Please use this identifier to cite or link to this item:
|Title:||Changing perspectives towards a more constructive practice : reflections on the complexities of implementing the portage programme in Northern Namibia|
|Abstract:||Globally, the current concern with childhood disability has spurred a sense of internationaul rgencyw ith the recognitiont hat while the vast majority of childrenw ith disabilitiesa nd specialn eedsl ive within developingc ountriesv ery few have accessto formal supportives ervices.T he huges caleo f the problemh ast riggeredt he involvement of Western special needs experts and the development of many intervention programmes.O ne programmein particular,t he PortageP rogrammeh, as enjoyedr apid internationael xpansionin recenty ears. This thesis addresses the question of how Western Portage experts might develop effective programmes and more collaborative and reciprocally beneficial ways of working with local colleagues and families, which are sensitive to, and respectful of, different cultural practices and beliefs. The thesis focuses on the changes to my understanding of expert practice regarding Portage Programme development within the cross-cultural context that initially stemmed from my attempts to introduce such a programme to a rural area within northern Namibia. I claim that Portage experts can benefit from primarily viewing their practice in terms of constructing relationships with others rather than as it is usually portrayed within the Portage literature as delivering technical advice and solutions. I suggest that this shift in the focus of practice entails a reconsideration of the ontological, epistemological and methodological assumptions upon which expert practice is based. A Portage programme's development is characterised not as primarily about applying and transmitting Western expertise and knowledge, but rather as a process of 'change through exchange'. I suggest that a systemic, social constructional conceptual framework that embraces many of the broader ideas of postmodemism, offers another way of thinking about the subjects of Portage programme implementation, expert involvement and professional development, and thereby simultaneously also another way of more constructively practising.|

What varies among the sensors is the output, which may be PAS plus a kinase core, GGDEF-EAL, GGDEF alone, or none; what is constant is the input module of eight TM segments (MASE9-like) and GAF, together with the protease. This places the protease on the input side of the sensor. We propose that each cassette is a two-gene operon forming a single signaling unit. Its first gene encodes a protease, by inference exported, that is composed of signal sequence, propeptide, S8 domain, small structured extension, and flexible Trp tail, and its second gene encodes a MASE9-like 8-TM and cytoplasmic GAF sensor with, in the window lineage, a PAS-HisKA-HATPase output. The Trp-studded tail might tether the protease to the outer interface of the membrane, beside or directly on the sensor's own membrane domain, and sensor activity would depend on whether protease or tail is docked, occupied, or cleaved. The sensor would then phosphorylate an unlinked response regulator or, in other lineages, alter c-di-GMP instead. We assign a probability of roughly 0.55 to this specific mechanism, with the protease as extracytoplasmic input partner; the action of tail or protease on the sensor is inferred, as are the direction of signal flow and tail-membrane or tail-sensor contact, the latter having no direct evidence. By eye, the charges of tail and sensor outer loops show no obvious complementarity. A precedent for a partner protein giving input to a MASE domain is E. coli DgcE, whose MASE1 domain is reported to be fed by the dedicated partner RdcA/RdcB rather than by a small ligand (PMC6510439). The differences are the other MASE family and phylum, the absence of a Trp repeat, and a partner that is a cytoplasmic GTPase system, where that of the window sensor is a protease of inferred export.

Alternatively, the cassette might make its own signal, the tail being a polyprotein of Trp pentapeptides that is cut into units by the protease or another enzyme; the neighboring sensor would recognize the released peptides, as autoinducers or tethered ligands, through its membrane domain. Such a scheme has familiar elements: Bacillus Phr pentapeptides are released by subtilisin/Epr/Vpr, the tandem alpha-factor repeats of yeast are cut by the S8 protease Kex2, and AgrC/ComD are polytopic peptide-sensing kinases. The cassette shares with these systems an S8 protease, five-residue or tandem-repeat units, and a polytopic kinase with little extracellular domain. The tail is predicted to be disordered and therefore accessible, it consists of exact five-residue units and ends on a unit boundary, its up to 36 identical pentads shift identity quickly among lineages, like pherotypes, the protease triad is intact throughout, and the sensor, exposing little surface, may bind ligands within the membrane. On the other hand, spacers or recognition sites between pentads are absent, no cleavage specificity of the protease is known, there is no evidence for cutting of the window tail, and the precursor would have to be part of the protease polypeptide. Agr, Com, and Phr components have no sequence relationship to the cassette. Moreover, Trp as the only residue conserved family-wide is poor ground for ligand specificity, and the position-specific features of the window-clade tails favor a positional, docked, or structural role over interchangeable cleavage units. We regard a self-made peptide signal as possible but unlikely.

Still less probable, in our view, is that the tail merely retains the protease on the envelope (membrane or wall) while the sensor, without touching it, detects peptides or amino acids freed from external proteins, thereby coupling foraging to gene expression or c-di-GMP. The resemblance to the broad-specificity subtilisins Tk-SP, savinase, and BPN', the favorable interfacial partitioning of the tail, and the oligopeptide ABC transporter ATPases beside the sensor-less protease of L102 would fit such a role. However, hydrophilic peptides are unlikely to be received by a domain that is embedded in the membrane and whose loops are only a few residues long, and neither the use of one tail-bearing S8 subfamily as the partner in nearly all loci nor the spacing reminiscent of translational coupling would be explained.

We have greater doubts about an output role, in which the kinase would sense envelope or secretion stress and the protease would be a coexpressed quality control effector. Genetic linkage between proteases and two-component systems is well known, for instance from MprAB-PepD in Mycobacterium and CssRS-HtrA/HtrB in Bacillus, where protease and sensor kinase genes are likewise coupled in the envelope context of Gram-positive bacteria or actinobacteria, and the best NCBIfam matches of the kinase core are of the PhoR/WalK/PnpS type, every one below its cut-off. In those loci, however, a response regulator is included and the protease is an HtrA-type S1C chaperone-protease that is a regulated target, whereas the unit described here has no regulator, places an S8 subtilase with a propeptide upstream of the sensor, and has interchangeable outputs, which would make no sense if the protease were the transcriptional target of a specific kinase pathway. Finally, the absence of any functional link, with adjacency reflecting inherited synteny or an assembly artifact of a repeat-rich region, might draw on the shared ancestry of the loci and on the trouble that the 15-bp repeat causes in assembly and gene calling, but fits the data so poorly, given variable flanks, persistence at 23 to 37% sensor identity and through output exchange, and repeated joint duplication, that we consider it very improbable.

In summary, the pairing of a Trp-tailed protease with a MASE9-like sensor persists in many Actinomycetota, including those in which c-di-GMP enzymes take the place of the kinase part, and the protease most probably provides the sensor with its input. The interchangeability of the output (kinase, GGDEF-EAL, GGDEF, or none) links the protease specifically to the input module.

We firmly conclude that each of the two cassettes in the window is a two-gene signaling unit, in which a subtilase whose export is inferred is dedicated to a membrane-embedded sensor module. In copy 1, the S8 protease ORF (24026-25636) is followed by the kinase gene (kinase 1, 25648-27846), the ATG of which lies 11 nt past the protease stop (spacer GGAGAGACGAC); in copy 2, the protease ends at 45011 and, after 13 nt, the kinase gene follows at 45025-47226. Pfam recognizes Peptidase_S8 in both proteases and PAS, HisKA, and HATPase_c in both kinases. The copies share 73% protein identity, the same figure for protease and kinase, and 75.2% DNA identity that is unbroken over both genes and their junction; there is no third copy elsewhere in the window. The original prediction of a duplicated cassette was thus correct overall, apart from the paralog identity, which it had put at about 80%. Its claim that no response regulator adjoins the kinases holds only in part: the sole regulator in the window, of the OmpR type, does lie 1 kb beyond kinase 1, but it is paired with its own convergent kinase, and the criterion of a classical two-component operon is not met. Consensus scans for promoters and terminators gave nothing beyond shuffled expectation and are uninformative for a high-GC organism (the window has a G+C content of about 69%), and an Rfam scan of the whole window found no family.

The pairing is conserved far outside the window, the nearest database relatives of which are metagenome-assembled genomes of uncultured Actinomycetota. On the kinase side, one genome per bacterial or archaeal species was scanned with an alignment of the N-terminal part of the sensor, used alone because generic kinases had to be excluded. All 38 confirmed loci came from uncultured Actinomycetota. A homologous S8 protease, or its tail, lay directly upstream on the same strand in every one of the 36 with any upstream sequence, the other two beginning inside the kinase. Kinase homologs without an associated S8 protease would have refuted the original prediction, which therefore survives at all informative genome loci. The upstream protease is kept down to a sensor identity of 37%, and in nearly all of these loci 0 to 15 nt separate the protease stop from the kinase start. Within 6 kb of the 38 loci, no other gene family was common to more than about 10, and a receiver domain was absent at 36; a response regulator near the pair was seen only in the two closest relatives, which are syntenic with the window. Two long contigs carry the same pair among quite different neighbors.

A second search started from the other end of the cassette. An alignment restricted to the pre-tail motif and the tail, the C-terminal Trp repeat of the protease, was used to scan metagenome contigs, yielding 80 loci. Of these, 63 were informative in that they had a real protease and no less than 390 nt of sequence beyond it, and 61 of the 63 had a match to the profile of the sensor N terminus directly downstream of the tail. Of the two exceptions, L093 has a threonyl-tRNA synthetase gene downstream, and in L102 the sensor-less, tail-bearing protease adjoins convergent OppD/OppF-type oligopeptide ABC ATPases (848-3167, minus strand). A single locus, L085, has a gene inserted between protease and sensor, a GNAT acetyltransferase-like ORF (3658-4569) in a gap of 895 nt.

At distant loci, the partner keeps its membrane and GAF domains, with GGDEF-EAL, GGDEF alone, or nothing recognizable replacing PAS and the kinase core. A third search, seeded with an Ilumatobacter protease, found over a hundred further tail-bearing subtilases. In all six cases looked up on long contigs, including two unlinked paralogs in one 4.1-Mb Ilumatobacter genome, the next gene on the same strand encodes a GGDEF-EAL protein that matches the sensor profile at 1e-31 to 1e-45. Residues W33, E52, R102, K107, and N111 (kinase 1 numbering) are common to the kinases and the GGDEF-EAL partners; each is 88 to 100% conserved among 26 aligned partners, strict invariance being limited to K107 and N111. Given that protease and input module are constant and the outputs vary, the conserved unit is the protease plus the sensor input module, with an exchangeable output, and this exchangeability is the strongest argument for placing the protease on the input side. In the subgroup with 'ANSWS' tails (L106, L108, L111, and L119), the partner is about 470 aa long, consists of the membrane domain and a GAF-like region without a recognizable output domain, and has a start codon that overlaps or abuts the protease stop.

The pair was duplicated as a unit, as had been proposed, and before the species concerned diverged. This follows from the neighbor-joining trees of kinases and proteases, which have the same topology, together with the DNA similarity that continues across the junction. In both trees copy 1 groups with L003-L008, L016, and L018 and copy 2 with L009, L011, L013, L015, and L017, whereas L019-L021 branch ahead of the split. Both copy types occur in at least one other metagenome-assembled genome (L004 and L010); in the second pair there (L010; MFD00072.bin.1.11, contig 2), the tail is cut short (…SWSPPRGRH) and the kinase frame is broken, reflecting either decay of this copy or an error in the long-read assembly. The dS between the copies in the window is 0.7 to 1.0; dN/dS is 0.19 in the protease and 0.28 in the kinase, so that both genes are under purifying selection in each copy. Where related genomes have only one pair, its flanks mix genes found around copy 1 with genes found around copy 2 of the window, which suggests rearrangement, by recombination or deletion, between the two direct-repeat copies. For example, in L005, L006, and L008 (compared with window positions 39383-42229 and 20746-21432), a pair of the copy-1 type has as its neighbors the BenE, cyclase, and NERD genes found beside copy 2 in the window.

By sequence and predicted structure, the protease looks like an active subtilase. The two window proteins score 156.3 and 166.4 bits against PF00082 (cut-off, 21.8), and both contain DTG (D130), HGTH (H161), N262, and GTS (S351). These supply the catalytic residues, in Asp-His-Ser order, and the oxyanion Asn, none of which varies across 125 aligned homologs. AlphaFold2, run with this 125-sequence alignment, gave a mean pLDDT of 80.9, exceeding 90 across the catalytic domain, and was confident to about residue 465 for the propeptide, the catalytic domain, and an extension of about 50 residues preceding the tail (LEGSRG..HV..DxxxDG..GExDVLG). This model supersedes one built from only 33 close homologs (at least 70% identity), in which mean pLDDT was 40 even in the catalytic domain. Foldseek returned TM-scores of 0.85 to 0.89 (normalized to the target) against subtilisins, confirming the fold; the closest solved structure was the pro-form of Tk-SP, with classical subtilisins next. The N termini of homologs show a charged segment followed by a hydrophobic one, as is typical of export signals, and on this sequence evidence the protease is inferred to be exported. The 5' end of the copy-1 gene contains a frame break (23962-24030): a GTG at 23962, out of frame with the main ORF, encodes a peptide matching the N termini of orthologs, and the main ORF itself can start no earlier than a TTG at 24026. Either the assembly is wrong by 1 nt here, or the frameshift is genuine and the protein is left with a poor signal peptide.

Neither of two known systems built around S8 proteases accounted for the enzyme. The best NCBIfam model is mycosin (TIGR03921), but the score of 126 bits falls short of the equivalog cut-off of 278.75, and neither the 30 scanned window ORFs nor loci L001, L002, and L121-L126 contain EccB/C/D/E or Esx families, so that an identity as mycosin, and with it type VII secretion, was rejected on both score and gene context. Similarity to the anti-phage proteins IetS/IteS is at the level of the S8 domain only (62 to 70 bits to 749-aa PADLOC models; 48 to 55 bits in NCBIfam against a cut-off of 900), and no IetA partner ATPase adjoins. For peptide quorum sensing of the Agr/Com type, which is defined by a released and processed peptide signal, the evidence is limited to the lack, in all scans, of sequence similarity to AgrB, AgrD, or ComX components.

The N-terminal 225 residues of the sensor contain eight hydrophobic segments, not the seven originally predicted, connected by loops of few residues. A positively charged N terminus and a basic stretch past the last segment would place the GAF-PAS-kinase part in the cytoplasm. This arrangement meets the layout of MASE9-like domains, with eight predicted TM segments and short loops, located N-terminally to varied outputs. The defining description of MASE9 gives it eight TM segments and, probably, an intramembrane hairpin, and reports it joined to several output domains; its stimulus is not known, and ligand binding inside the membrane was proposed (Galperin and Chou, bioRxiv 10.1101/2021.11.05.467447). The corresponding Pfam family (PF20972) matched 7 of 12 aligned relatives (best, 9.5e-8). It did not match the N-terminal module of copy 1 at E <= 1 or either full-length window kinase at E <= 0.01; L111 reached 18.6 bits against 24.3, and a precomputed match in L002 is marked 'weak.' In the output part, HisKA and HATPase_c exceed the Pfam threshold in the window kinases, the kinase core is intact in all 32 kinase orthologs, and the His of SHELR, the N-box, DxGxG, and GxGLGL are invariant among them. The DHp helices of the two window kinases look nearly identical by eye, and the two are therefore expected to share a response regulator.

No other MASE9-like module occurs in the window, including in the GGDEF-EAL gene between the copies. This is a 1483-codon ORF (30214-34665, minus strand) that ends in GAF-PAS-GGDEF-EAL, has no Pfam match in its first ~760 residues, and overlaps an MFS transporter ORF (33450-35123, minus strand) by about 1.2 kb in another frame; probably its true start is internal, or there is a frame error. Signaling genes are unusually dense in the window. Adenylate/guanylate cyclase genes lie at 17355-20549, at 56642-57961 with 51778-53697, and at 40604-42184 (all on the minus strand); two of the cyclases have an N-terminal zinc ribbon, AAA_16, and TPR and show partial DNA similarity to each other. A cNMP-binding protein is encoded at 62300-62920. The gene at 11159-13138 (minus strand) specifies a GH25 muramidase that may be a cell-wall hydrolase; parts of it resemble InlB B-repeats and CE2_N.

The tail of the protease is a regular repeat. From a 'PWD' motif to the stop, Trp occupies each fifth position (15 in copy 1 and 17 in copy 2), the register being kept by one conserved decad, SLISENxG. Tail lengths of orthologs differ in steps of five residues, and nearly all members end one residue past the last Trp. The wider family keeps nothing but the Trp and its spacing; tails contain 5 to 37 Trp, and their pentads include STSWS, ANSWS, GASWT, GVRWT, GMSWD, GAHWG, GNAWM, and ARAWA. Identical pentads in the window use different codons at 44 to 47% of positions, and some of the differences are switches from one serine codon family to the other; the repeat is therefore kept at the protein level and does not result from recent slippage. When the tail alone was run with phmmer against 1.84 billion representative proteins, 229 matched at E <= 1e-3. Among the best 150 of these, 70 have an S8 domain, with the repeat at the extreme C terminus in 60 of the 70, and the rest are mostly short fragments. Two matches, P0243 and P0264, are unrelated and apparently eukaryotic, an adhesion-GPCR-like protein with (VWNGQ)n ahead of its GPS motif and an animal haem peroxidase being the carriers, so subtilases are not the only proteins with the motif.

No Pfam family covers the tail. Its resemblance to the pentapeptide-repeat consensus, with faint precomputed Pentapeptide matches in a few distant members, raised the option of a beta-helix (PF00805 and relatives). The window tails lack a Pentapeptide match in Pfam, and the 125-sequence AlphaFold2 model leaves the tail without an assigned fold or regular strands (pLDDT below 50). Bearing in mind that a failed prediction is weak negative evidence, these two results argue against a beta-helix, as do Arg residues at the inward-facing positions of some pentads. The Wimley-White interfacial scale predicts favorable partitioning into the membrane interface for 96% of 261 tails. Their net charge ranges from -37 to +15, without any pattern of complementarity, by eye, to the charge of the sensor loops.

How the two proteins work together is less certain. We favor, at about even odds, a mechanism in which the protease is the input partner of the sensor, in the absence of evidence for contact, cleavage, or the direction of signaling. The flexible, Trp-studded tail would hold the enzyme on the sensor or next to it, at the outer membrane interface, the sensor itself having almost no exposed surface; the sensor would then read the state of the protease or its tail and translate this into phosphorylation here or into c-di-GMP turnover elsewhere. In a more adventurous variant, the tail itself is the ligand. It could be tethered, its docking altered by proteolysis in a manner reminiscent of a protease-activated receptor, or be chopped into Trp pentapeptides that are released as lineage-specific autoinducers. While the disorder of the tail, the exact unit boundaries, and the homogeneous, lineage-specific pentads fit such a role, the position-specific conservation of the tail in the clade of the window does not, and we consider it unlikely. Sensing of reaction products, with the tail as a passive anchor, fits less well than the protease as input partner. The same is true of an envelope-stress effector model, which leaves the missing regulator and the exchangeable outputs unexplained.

|Appears in Collections:||School of Education, Communication and Language Sciences|
Files in This Item:
|moorejohn02.pdf||Thesis||43.05 MB||Adobe PDF||View/Open|
|dspacelicence.pdf||Licence||43.82 kB||Adobe PDF||View/Open|
Items in DSpace are protected by copyright, with all rights reserved, unless otherwise indicated.